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Association analysis of N-acetyl transferase-2 polymorphisms with aspirin intolerance among asthmatics.

Authors: Kim, JM  Park, BL  Park, SM  Lee, SH  Kim, MO  Jung, S  Lee, EH  Uh, ST  Park, JS  Choi, JS  Kim, YH  Kim, MK  Choi, IS  Cho, SH  Choi, BW  Park, HS  Chang, HS  Shin, HD  Park, CS 
Citation: Kim JM, etal., Pharmacogenomics. 2010 Jul;11(7):951-8.
Pubmed: (View Article at PubMed) PMID:20602614
DOI: Full-text: DOI:10.2217/pgs.10.65

AIMS: Cysteinyl leukotrienes are inactivated by acetyl coenzyme A-dependent N-acetyltransferase (NAT). Thus, functional alterations of the NAT gene may contribute to the risk of aspirin-intolerant asthma. MATERIALS & METHODS: Asthmatics (n = 438) were categorized into aspirin-intolerant asthma (15% or greater decrease in the forced expiratory volume in 1 s or cutaneous reactions, n = 170) or aspirin-tolerant asthma (n = 268) groups. In total, 14 polymorphisms of the NAT2 gene were genotyped by a single-base extension method. RESULTS: The distributions of all loci of the 14 SNPs were in Hardy-Weinberg equilibrium (p > 0.05). Among the 14 SNPs, six common SNPs (minor allele frequency >5%) in a Korean population were used for haplotype construction and further statistical analysis. The logistic regression analysis demonstrated that NAT2 -9246G>C and haplotype 2 (TCACGG) were significantly associated with the risk of aspirin-intolerant asthma. The rare allele frequencies of the SNP and Ht2 were significantly higher in the aspirin-intolerant asthma group than in the aspirin-tolerant asthma group (p(corr) = 0.03 and p(corr) = 0.02 in codominant model). CONCLUSION: In a large genetic epidemiology study of aspirin-intolerant asthma in a Korean population, genetic polymorphisms of NAT2 were found to be related to a risk of aspirin hypersensitivity among asthmatics.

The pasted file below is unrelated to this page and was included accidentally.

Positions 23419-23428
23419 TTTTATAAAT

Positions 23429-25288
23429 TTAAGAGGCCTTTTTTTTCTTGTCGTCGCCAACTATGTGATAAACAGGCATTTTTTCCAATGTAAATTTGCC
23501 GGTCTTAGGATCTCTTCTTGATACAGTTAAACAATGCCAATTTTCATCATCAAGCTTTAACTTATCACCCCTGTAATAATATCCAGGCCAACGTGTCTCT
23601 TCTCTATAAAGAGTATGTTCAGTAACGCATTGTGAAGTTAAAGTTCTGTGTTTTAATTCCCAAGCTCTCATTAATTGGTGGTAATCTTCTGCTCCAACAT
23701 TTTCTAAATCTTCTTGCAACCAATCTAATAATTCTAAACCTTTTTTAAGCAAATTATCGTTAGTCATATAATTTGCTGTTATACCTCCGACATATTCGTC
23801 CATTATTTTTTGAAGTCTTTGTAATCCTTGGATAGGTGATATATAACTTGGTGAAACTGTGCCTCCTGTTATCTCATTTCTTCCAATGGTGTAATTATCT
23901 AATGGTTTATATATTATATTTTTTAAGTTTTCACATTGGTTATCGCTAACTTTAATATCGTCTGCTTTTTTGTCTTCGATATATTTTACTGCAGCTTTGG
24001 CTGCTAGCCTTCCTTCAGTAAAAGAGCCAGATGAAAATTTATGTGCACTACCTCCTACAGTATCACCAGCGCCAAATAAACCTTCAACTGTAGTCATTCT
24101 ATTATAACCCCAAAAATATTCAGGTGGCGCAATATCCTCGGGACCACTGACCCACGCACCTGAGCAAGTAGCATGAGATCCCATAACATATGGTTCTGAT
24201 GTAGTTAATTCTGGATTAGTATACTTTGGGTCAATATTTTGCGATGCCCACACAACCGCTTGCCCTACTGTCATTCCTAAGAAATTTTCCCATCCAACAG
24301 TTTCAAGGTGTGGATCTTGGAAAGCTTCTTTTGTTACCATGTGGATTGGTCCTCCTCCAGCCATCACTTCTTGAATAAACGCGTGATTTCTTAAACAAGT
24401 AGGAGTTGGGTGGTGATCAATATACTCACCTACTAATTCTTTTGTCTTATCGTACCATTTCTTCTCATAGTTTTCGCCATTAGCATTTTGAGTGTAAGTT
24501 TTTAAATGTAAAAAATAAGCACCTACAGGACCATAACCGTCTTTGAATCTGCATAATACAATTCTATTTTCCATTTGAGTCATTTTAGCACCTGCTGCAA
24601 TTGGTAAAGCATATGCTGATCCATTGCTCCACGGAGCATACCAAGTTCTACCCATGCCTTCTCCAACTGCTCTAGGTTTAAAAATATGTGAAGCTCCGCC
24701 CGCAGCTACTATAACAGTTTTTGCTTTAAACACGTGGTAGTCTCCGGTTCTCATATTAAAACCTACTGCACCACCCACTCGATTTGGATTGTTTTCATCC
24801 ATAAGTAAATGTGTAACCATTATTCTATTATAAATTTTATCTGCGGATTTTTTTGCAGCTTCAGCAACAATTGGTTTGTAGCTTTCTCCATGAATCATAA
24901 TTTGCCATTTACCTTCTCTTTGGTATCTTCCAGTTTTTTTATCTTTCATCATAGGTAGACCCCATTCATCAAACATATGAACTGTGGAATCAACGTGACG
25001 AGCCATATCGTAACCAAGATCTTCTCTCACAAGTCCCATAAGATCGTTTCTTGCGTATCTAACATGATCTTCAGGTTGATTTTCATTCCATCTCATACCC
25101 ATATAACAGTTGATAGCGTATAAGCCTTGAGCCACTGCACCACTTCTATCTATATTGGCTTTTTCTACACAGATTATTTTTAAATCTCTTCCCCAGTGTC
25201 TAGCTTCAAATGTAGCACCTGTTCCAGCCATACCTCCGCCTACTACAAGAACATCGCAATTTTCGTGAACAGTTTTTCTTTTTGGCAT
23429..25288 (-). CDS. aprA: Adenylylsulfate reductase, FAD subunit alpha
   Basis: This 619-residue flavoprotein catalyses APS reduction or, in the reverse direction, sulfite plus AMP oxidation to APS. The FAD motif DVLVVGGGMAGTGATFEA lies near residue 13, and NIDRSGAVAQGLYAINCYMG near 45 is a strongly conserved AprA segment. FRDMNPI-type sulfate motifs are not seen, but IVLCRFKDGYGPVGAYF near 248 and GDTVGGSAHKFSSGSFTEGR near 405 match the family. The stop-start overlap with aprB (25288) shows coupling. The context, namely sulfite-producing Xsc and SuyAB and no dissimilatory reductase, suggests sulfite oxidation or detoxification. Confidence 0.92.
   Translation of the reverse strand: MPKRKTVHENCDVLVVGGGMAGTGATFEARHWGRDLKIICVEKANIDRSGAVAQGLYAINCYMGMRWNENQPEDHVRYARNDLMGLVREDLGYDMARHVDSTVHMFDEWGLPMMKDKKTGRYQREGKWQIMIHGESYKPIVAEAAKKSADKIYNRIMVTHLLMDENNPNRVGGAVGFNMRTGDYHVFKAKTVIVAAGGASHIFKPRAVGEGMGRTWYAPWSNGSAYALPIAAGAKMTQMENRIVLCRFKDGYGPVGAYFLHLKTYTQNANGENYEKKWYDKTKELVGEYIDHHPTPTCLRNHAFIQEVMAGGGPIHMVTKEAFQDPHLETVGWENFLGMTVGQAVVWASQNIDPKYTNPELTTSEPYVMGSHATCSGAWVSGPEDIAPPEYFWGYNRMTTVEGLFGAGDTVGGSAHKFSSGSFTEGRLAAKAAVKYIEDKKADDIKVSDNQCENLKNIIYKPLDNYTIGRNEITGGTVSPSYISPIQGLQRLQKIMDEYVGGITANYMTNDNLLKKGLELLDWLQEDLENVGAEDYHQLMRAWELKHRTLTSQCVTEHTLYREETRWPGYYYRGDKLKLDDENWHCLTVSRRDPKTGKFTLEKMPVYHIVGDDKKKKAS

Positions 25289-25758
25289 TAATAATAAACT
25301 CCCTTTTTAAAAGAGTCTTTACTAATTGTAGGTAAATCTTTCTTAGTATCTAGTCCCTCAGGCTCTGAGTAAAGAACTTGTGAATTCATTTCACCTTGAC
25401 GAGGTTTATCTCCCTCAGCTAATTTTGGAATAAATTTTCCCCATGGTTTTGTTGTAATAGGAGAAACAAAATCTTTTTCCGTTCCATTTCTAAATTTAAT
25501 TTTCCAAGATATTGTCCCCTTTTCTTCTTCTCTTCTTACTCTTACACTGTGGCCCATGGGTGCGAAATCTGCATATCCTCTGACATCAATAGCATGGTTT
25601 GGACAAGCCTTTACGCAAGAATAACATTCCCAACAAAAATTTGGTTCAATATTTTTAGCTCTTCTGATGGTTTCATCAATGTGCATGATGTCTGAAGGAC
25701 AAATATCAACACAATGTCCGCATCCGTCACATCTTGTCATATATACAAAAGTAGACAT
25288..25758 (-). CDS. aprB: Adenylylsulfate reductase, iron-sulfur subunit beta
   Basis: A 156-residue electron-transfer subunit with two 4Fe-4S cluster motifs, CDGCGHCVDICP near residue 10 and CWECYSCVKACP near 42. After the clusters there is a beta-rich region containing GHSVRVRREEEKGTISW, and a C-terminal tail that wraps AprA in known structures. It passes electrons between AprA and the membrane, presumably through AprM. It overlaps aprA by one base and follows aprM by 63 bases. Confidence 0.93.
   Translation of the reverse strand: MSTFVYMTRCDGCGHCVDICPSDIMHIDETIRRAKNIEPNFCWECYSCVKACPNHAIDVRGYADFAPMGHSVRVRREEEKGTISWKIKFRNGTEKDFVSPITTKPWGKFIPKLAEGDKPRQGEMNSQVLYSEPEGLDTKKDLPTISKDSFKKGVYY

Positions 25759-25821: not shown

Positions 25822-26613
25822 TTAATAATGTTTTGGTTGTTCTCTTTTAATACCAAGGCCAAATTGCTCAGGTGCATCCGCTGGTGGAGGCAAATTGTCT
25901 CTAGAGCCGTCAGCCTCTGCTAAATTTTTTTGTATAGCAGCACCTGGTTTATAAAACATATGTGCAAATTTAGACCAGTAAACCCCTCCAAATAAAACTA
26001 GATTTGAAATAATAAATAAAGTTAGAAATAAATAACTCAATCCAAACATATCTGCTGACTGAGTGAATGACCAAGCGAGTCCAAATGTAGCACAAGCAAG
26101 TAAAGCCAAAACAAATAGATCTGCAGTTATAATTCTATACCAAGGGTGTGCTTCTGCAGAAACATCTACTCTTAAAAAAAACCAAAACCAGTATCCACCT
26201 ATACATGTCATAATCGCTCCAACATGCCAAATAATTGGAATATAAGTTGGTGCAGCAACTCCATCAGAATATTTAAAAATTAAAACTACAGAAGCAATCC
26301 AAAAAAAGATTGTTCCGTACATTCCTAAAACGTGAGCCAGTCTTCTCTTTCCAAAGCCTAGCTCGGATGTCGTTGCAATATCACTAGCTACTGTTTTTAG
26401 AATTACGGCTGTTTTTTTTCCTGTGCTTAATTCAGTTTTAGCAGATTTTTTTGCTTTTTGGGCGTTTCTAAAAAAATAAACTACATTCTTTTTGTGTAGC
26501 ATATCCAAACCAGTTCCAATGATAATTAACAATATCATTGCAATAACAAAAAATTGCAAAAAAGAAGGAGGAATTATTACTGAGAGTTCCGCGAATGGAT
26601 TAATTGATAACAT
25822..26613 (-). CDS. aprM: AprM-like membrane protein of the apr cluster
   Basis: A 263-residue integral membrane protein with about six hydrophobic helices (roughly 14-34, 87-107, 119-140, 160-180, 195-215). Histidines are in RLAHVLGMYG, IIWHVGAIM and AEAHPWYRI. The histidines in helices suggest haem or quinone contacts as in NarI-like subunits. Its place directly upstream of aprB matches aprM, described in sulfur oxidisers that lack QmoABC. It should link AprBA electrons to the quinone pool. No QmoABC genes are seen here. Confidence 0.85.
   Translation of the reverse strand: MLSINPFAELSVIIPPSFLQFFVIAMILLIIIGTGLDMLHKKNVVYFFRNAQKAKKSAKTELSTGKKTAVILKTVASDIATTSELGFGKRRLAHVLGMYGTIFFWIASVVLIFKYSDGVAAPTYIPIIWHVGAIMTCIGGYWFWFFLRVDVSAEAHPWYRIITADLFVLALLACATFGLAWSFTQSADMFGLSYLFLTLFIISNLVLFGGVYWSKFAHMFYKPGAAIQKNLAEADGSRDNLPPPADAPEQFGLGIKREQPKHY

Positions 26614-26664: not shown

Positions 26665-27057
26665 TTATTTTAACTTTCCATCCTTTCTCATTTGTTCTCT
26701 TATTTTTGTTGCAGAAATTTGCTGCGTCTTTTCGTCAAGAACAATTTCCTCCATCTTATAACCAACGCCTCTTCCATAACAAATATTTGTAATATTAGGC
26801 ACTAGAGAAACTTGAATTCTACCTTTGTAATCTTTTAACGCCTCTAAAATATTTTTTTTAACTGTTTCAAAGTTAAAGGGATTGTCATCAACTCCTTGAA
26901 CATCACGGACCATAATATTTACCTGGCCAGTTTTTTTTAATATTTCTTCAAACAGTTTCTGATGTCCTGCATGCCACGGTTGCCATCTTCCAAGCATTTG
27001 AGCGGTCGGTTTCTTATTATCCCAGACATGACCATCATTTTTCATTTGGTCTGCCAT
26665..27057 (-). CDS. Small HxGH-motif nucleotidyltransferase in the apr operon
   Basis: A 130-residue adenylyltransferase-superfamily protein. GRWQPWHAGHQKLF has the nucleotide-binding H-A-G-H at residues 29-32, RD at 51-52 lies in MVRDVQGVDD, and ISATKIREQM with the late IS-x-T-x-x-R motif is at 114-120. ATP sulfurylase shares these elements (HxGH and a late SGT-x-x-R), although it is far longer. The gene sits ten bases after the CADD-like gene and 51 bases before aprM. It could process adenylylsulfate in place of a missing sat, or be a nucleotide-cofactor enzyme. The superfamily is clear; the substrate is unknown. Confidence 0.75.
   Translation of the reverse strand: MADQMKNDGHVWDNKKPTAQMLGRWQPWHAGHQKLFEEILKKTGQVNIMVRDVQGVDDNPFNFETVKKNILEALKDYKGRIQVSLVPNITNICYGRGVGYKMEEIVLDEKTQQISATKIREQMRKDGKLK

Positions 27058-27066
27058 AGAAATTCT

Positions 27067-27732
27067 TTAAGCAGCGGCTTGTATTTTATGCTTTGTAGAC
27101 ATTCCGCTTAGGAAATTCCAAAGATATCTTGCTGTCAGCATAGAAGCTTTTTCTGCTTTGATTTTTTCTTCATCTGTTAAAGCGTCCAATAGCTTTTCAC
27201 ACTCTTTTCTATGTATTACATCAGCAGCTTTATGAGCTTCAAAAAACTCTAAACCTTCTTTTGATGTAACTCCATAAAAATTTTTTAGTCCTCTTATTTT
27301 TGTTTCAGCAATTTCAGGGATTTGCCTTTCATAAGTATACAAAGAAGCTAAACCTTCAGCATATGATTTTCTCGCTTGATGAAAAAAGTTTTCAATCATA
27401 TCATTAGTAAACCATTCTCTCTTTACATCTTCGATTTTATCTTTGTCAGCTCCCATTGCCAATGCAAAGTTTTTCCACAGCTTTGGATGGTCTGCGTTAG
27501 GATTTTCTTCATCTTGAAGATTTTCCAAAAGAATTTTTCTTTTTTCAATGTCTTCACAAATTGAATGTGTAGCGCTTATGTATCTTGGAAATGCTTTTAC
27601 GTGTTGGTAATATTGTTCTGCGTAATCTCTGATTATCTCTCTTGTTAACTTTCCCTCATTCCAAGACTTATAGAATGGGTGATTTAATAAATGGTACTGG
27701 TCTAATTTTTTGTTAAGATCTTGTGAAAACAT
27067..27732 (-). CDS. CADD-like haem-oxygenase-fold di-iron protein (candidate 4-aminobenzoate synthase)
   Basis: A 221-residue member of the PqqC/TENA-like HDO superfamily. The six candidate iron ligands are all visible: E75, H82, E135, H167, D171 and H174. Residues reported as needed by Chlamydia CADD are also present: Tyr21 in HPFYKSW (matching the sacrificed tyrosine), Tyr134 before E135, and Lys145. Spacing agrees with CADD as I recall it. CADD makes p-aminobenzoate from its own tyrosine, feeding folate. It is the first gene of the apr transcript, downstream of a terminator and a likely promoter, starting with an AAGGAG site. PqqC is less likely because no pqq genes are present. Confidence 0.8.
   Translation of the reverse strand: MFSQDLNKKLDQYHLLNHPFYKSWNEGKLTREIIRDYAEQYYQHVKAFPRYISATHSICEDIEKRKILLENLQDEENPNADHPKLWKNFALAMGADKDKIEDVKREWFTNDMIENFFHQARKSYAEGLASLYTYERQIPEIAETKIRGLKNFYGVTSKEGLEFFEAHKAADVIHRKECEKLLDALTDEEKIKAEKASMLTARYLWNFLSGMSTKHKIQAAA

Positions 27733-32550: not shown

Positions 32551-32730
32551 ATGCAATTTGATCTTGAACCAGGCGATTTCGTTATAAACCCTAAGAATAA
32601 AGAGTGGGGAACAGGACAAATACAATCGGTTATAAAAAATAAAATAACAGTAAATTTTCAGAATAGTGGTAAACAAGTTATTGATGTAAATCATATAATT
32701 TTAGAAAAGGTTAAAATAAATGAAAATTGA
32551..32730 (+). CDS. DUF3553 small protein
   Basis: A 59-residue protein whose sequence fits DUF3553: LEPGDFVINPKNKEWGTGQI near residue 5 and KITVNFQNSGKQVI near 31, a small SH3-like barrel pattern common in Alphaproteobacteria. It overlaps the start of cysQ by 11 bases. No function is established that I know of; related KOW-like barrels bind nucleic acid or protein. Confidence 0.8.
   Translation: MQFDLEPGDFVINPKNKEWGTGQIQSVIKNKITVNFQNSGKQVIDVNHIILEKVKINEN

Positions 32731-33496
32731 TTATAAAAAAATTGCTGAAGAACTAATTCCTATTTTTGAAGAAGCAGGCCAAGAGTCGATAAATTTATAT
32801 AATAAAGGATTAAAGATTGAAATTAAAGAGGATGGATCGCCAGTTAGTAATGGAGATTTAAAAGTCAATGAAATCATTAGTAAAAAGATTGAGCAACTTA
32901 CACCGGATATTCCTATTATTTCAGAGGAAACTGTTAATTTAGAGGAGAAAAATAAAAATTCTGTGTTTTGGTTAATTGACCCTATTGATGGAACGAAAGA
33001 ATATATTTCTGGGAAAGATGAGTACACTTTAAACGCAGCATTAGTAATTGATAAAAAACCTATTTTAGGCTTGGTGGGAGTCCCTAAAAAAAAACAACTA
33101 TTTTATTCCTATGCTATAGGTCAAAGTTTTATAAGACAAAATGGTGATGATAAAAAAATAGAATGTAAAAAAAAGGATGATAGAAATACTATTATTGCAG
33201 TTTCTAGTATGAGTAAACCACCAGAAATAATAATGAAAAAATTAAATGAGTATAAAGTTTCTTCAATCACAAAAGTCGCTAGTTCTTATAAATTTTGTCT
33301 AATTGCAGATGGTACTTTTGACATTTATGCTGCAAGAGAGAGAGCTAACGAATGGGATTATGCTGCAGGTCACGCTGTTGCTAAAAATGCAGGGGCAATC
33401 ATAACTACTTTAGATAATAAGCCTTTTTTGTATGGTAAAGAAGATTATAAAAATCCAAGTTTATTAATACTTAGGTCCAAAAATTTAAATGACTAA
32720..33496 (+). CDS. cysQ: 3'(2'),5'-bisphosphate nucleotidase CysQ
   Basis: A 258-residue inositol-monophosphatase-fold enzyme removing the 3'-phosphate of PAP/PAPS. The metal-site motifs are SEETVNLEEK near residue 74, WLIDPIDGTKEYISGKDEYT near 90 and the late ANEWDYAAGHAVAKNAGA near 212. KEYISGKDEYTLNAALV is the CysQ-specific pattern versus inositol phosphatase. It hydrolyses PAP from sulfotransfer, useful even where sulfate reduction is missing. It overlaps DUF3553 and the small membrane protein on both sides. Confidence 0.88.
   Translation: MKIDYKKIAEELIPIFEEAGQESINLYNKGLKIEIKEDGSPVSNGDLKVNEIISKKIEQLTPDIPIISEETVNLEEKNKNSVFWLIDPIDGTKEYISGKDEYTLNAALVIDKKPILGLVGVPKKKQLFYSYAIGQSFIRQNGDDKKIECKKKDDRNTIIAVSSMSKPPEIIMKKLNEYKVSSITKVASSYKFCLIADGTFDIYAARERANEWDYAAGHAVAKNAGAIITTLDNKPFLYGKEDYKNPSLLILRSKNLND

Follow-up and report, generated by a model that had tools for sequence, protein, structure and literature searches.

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CRRD Object Information
CRRD ID: 5131600
Created: 2011-05-04
Species: All species
Last Modified: 2011-05-04
Status: ACTIVE


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